Holy Guacamole! The Mamiya RZ67 Pro ii.

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It came from the land of giants… it came from the land of geniuses… it came… to my doorstep today!  The Mamiya RZ67 Proii!!!

I wrote recently about how Vivian Maier had one TLR for 40 years and how that made her amazing at what she did.  She had the opposite of GAS (perhaps she took a lot of bino?).  Well, I seem to keep recycling through my gear and am always getting new stuff!

Does it make me a bad photographer?  I don’t think so.  Really the reason why I am getting this now is to fulfill an actual photographic need for a project.  (Herein starts the explanations which could also count as excuses).  But let’s not get into that – let me tell you a bit about the camera that makes it so cool.

  • Amazing lenses can be attached to this camera.  And most can be had for less than $300.
  • Did I mention these lenses have leaf shutters?  All of them?
  • A world of accessories.  Tilf shifting bellows.  Winders.  Grips. Prisms.
  • Rotating back!  Wowzers this thing is cool!  You don’t have to change from horizontal to vertical shots by moving the camera.  Instead, just turn the back.
  • Easily shoot multiple exposures (as many as you want).  This won’t be used often but it’s really nice to have.
  • Bellows focusing.  There is no internal focusing on the lenses which makes them simpler.  Bellows focusing also allows for closer focusing (the 110mm can get up to 1 foot away!)
  • Sturdy construction.
  • Smart design elements – if the dark slide is in, there is a light which tells you.  Two focusing knobs, a coarse and a fine.
  • Nice basic waist level viewfinder with adjustments for different eyes.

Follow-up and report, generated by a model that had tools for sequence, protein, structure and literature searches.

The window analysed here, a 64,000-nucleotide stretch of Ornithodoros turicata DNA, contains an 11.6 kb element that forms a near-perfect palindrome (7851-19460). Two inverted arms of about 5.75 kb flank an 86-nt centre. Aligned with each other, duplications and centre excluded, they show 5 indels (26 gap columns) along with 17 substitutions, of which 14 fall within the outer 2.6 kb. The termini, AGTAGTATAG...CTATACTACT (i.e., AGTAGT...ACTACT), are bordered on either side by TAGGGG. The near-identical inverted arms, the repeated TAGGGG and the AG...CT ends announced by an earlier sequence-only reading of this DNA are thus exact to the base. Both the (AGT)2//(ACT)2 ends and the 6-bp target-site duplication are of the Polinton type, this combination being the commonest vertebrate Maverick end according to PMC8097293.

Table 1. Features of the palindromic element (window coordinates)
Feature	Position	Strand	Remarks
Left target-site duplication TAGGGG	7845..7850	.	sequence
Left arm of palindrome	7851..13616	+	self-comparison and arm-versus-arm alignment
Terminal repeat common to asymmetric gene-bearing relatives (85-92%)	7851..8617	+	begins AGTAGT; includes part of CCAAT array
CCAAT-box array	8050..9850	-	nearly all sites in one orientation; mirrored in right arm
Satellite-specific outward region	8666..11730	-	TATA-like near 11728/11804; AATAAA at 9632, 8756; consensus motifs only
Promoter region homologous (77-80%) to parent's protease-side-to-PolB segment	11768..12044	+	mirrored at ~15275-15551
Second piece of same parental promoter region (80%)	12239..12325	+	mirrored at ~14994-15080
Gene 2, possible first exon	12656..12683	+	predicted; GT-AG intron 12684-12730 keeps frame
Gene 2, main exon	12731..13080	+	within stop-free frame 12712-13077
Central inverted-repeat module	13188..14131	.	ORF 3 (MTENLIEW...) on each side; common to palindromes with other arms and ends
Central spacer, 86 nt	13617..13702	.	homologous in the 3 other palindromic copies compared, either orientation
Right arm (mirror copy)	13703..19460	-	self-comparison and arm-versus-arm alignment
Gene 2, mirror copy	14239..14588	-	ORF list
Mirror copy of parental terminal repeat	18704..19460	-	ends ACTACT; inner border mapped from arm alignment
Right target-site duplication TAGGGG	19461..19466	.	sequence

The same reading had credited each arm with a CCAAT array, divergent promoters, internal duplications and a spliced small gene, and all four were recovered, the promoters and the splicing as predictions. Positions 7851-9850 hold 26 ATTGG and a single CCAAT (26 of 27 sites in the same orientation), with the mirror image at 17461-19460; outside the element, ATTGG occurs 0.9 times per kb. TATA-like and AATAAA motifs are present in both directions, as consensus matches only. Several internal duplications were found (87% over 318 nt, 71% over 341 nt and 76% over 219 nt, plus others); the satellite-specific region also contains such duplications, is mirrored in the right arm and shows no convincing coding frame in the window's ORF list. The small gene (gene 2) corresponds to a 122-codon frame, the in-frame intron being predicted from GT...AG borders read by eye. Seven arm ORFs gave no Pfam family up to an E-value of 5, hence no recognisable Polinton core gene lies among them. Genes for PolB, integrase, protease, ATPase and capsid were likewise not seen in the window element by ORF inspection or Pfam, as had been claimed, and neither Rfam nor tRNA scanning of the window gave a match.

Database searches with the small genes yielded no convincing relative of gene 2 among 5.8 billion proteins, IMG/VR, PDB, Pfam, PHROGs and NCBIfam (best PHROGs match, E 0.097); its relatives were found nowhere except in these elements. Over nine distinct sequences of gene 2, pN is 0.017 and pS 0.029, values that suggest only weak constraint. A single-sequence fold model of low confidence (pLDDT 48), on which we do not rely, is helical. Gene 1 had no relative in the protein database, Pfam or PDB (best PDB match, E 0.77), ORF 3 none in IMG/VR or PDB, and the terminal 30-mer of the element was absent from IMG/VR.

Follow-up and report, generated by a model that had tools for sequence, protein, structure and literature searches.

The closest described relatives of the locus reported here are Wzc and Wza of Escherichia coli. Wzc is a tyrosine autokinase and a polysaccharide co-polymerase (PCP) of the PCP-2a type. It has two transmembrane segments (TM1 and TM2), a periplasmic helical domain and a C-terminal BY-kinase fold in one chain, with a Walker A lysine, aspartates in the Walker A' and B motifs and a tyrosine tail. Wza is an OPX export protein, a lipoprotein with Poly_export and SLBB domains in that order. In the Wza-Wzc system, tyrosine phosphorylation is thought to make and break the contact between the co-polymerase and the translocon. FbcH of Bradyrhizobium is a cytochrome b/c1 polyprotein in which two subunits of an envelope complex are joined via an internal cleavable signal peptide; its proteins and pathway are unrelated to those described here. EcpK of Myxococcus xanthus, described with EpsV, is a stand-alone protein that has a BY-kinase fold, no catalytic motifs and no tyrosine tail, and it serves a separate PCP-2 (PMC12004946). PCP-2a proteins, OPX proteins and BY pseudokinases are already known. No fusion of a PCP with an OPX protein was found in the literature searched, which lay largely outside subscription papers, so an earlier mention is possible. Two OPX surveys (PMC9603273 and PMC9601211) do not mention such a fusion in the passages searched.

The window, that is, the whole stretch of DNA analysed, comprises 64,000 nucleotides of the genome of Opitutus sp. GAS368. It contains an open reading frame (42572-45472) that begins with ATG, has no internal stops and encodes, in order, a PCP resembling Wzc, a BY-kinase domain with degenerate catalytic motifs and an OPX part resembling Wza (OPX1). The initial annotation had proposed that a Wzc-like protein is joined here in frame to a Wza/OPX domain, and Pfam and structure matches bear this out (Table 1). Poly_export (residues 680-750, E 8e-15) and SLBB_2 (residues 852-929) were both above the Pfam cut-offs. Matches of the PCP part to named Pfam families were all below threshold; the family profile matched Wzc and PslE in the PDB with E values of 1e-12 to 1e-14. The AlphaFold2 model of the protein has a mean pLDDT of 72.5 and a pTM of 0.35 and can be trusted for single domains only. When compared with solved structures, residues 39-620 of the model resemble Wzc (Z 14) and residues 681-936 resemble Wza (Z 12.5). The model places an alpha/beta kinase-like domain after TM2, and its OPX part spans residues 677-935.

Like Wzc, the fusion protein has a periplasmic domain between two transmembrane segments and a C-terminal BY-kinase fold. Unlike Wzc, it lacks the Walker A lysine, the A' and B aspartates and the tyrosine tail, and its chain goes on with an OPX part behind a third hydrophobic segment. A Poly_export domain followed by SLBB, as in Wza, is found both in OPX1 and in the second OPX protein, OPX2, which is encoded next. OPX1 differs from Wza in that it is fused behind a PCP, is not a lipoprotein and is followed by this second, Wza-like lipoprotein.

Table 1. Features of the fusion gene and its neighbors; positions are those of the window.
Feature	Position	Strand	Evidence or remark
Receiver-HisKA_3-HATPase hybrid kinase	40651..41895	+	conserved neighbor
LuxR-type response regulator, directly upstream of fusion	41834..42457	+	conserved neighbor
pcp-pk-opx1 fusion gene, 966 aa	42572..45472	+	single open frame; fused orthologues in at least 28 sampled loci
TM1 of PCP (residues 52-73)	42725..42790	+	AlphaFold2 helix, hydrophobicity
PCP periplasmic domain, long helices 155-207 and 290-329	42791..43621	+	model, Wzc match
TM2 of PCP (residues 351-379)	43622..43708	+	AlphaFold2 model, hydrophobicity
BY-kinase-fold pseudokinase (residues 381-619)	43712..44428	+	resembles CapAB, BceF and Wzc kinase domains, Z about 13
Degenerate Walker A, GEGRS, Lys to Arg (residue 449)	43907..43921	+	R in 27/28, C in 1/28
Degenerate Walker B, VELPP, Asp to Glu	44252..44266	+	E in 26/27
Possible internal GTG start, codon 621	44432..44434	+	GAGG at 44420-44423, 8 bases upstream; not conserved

• 6×7 format.  This is something I am used to, but the Hasselblads only come in 6×6.

Some of the cons thus far:

  • Size.  This is one big and heavy camera.
  • Plastic construction.  I’ve read that it is sturdy and it feels sturdy.  But when in comparison to other modular MF SLRs (Hassleblad of course), it’s a bit plasticky.
  • Hand holding is pretty terrible.  This goes hand* in hand with the first complaint.  But then, I doubt this was really designed for hand holding.
  • Lastly, the rubber grips on mine are… melting.  Literally, there is goo coming off from them.  I doubt this is just my own version of the camera.  This is more a common problem on older cameras and I have seen it from Nikons as well. I took some paint thinner to it and she looks like new. Not a big problem but just a good FYI.

So why do I have this camera?  Well, I sold my 35mm rangefinder along with the zeiss glass and decided I needed some more Medium Format goodness in my life.  And there is a specific purpose to this.

Update on June 23rd 2015.

I’ve since sold the RZ on Craigslist. Honestly, this is a fantastic camera. Very few complaints against it. The lenses on it are just downright superb and can be had for a song. The build quality is also superb. I couldn’t recommend the camera enough for tripod use. Hand holding as I mentioned is very tough and this is a tough one to get over in comparison to its competitors.

The competition is Hasselblad, Rolleiflex 6000 series, and Pentax 67 (among others). And when it comes down to it, the competition beats the RZ in hand-holding. This would be enough for me to make a decision. I love wandering around with a camera in hand. I do carry a tripod when I shoot my 4×5 but if I didn’t have to, I wouldn’t want to.

But then again, the costs of the Hassy and Rollei are incomparable. Those lenses are at least $500 and can be a lot more. But the Pentax is comparable in terms of cost. And it’s very high quality and hand-holdable.

Of course, by getting hand holding, you miss out on some cool features (rotating back, bellows focusing etc). So I really think this comes down to whether or not you’ll use this in the studio or not.

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